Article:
Hollow-core fibre boosts optical gyroscope performance

Physics

Fibre-optic gyroscopes (FOGs) rely on a pair of laser beams travelling in opposite directions around the same fibre-optic coil. If the reference frame of the beams is not inertial – that is, if the gyroscope is rotating – the beam travelling counter to the direction of the rotation will experience a slightly shorter path. This path-shortening phenomenon is known as the Sagnac effect, and when the two light beams are made to interfere, their interference signal can be used to calculate the difference in path length. This, in turn, shows how the gyroscope (or the vehicle upon which it is mounted) changed its orientation.

Recirculating light

The sensitivity of FOGs can be enhanced by increasing the distance the light travels, for example by sending the light down a longer fibre-optic cable. Resonator fibre optic gyroscopes (RFOGs) exploit this principle by connecting the ends of the optical fibre to form an optical resonator. Because most of the light takes multiple trips around the fibre coil, RFOGs are more sensitive than simple FOGs, and any rotation-induced difference in path lengths manifests itself as a difference in the resonance frequencies in each direction.

Certain nonlinear optical effects can, however, degrade an RFOG’s performance. Identifying optical fibres that are immune to such effects has proved challenging, says project leader Glen Sanders, adding that he and his team at Honeywell International had previously examined whether hollow-core fibres that confine light in a central or gas-filled void might overcome the problem.

Even fewer nonlinear effects

In the latest study, which appears in Optics Letters, researchers co-led by Austin Taranta of the University of Southampton in the UK employed a type of hollow-core fibre known as a nodeless anti-resonant fibre (NANF). This type of fibre shows even fewer nonlinear effects than other hollow-core fibres, and it also has a low optical attenuation, which improves the quality of the resonator because the intensity of light remains steady over a longer propagation distance. Indeed, NANFs have the lowest optical loss of any hollow fibre – and for many parts of the electromagnetic spectrum, the lowest loss of any optical fibre, Taranta says.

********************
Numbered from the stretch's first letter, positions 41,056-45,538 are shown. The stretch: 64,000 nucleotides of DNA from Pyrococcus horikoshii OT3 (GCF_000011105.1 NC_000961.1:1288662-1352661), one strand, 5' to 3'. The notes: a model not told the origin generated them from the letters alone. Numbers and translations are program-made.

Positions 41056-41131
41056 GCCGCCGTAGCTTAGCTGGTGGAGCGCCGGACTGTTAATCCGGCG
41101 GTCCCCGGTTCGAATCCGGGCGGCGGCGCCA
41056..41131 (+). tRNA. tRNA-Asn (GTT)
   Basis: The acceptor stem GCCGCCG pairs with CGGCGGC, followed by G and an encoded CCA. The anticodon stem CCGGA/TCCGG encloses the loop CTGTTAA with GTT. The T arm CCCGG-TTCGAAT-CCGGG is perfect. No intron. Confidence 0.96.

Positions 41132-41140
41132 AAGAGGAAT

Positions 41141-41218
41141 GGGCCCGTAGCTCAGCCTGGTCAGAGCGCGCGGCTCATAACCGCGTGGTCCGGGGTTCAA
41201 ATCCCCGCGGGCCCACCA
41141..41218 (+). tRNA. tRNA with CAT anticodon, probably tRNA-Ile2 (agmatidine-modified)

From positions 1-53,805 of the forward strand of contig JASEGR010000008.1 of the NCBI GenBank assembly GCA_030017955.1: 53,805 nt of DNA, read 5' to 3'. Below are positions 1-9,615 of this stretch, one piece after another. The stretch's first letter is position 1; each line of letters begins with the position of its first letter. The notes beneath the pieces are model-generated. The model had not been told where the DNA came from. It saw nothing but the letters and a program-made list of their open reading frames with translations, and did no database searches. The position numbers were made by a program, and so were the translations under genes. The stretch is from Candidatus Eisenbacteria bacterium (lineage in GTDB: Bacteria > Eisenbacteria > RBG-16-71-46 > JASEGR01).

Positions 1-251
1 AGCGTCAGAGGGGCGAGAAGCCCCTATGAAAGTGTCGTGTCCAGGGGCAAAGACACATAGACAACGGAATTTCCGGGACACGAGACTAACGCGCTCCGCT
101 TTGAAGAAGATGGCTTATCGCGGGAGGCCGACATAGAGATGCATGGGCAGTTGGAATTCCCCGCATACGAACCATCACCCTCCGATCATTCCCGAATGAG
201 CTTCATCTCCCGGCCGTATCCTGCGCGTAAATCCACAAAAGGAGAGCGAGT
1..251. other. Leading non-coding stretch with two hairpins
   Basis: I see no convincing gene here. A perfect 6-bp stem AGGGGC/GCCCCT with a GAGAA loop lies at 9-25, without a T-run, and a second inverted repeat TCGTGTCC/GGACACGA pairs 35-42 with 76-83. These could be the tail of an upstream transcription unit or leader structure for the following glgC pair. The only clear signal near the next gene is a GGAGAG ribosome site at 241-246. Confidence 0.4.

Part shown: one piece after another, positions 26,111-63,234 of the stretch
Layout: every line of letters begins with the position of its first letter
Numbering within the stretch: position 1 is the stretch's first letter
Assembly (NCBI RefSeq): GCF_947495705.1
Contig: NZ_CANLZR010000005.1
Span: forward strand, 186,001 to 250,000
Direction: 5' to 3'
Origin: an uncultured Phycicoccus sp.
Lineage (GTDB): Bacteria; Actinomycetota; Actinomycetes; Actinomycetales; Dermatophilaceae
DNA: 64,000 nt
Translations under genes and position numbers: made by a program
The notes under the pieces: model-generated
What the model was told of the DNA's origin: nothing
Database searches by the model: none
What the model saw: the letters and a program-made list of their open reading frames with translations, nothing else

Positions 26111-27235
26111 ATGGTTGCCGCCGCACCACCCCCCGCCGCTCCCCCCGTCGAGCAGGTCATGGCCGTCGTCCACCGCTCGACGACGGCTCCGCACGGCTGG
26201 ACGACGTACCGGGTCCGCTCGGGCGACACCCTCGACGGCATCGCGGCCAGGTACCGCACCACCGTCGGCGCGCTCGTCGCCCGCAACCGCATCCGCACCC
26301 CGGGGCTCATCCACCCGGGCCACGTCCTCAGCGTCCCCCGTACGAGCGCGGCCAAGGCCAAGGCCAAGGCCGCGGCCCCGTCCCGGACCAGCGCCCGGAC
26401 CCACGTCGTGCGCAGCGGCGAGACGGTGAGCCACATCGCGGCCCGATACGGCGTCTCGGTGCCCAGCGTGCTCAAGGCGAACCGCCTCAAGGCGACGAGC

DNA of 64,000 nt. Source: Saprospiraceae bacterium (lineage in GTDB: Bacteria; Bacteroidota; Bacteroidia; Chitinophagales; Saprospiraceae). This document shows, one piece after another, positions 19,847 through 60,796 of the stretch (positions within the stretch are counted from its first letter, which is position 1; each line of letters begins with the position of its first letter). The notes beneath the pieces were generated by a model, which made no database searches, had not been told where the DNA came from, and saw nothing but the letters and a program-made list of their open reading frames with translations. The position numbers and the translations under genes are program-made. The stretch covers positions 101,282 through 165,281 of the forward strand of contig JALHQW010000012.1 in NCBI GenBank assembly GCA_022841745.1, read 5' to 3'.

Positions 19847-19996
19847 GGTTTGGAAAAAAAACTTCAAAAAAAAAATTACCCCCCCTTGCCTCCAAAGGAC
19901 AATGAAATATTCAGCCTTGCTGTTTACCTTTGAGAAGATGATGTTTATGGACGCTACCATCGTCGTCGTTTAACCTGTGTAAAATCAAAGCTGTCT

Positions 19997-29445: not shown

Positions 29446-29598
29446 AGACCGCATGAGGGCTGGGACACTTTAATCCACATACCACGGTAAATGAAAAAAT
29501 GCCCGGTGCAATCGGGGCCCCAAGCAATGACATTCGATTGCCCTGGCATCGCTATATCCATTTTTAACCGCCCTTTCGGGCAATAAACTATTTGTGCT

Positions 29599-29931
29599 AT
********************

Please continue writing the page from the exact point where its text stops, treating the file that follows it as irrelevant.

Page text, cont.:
Sanders adds that using a NANF eliminates optical errors caused by effects such as backscattering, polarization coupling and modal impurities, all of which can produce errors or extra noise in the gyroscope. “Eliminating these effects allows the light to travel along a single path through the fibre, a prerequisite for RFOGs,” he explains.

The Honeywell researchers tested their new gyroscope by mounting it on a stable static pier, which eliminates all rotation effects apart from the Earth’s rotation. This allowed them to determine that the “bias stability” for the instrument is just 0.05 degrees per hour, for observation times between 1-10 hours. This is 500 times better than previous measurements on hollow core fibre-based RFOGs for periods of longer than an hour, and close to the level required for civil aircraft navigation, the researchers say.

The team now plans to build a prototype gyroscope with a more compact and stable configuration that employs the latest generation of NANFs.

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